The final requiem for the ‘three million jobs myth?
It was always a myth. There was never any official report saying that three million British jobs would be lost if we withdrew from the European Union. The figure of three million jobs, or more exactly, 3.2 million jobs, which were linked to our membership of the EU, first appeared in a report produced by Dr. Martin Weale in 2000 for the National Institute for Economic and Social Research. However, the report actually said:
Detailed estimates from input-output tables suggest that up to 3.2 million UK jobs are now associated directly with exports of goods and services to other EU countries. This has given rise to popular concern that some of these jobs might be at risk if Britain were to leave the Union. Opponents of membership on the other hand argue that many of the benefits flowing from the increasingly integrated European Economic Area might still be available even if the UK were to withdraw, particularly since the Uruguay Round Agreement has imposed significant limits on the trade barriers that the EU can place on non-members. In conjunction with the potential gains from withdrawing from the Common Agricultural Policy and no longer paying net fiscal contributions to the EU, there is a case that withdrawal from the EU might actually offer net economic benefits.
The report did not say that these jobs would be lost if we left the EU. Far from it. It suggested that withdrawal may actually be beneficial. It was the Britain in Europe cross-party group, which campaigned unsuccessfully for Britain to join the euro and which included such figures as Ken Clarke, Tony Blair, Michael Heseltine and Charles Kennedy, who started the scaremongering. Unsurprisingly, Dr. Weale was furious at this distortion of the findings of his research, describing it as “pure Goebbels” (a reference to Hitler’s Minister of Propaganda), and saying, “in many years of academic research I cannot recall such a wilful distortion of the facts.” However, it has been repeated over and over and over again, perhaps in the hope that if the lie is repeated enough it will become accepted as truth. Nick Clegg regurgitated it in January 2013 in the wake of David Cameron’s announcement of a referendum on our membership of the EU and John Prescott followed suit four months later. Danny Alexander, the Treasury minister, recycled this rubbish to an audience in Washington as recently as June 2014. It seems like some people never give up.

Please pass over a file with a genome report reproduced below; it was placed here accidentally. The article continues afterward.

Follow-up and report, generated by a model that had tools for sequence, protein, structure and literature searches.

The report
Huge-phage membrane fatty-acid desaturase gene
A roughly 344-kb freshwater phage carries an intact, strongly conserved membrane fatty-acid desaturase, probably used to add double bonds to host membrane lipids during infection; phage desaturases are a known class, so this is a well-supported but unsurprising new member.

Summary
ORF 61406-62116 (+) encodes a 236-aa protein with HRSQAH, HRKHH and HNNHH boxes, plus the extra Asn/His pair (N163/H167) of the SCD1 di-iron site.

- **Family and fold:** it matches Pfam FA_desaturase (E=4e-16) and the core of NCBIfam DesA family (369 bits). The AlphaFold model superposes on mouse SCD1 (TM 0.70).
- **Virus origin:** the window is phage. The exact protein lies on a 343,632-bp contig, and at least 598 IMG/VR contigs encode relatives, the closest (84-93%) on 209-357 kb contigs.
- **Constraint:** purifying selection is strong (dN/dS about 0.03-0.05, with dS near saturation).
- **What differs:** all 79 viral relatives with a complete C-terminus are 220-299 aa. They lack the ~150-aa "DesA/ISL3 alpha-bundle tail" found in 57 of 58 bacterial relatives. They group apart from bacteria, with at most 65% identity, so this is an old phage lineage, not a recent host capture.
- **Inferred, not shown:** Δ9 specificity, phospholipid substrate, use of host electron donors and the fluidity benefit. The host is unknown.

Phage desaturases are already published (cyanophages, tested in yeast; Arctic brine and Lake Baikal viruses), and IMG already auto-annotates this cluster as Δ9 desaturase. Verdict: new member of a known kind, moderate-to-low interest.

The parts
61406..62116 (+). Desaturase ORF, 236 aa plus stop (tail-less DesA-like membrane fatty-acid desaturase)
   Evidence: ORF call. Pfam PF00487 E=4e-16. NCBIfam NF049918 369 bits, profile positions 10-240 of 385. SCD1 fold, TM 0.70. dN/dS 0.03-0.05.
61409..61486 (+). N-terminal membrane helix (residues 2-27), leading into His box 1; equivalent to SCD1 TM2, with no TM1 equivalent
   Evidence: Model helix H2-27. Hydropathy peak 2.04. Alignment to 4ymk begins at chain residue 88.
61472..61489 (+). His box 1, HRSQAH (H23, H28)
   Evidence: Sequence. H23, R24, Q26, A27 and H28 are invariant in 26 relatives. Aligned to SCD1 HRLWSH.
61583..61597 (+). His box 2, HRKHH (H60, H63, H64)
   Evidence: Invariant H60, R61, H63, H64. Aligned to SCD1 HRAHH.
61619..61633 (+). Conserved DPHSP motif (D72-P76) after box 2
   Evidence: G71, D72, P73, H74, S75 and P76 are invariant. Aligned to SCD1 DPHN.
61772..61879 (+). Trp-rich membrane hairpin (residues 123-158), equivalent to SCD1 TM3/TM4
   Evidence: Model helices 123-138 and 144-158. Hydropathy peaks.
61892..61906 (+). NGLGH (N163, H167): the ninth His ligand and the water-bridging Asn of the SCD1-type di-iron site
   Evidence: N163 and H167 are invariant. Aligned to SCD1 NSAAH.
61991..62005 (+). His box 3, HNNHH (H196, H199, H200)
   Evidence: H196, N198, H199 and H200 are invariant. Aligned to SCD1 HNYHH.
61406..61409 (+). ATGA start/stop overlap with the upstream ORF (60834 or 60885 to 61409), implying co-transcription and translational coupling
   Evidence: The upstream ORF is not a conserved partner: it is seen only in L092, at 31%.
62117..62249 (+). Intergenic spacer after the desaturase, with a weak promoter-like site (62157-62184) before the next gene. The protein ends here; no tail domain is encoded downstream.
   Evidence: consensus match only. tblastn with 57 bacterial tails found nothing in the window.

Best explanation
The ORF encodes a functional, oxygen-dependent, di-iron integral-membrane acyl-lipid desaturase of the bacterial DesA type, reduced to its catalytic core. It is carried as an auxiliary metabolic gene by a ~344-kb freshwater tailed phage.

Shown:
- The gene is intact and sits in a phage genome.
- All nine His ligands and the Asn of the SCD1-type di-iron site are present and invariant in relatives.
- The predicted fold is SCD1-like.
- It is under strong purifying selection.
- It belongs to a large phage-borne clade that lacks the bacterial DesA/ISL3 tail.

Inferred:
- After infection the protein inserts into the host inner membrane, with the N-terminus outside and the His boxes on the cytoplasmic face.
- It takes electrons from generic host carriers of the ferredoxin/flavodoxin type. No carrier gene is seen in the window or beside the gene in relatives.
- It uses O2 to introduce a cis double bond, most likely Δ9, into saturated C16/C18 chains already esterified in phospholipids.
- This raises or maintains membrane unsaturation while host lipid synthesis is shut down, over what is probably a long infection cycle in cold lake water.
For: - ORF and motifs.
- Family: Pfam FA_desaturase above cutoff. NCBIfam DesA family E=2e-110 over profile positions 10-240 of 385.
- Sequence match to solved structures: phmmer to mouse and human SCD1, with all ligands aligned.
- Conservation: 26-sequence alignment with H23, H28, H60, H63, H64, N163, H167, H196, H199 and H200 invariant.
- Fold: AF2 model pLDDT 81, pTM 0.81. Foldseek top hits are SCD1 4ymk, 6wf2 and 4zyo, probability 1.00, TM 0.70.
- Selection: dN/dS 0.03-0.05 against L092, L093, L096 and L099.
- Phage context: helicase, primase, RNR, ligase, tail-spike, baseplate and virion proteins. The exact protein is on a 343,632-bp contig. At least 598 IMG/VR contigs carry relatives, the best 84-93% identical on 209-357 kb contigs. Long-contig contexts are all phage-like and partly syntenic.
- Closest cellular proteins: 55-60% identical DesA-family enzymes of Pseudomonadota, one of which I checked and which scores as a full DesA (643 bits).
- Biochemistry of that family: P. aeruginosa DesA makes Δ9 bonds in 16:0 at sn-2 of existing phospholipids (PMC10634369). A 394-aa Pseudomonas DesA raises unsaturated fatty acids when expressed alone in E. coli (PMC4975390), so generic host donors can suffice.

There is hope that at last, the final requiem for this nonsense may be only round the corner. It should have happened a long time ago. Professor Tim Congdon’s booklet Europe Doesn’t Work (Published by the Hampden Trust in 2013) proved from government data that EU membership had actually destroyed British jobs. Of course, given Professor Congdon’s involvement with UKIP, the Europhile establishment were not going to take one iota of notice in spite of his meticulous use of statistics. However, the coup de grâce may be about to come – and from an unlikely direction. The Open Europe think tank, which supports UK membership, put in a Freedom of Information request to the Treasury – Mr Alexander’s own department. The reply was most interesting. Open Europe’s blog highlighted the key statement, which was as follows:
“As set out by the Chief Secretary to the Treasury, the Treasury estimate that 3.3 million jobs in the UK may be related to exports to other European Union countries. This figure is based on the assumption that the share of UK employment associated with UK exports to the EU is equal to the share of output that is exported to the EU, making allowance for the composition of the UK economy. It is not an estimate of the impact of EU membership on employment.”
In one sense, this isn’t anything more than Tim Congdon or many others have argued, but firstly, it is highly embarrassing for Danny Alexander to be contradicted by his own department. Secondly The Times has taken up the story. “Treasury wrecks Clegg’s EU jobs claim” it proclaimed, while the popular Huffington Post blog reported the story under the headlines “Treasury officials ruin Danny Alexander’s EU jobs warning.” (We are hoping to publish some further research on this subject on the CIB website shortly which will drive a further nail into the coffin of this unfounded allegation – watch this space!).
Of course, given the Lib Dems’ past track record it may yet be premature to write a requiem for the three million jobs myth, but surely now if they continue to peddle this nonsense they will come across as complete and utter fools. Mind you, given the party’s performances at the ballot box recently, it looks like most of the electorate already regard them as such anyway.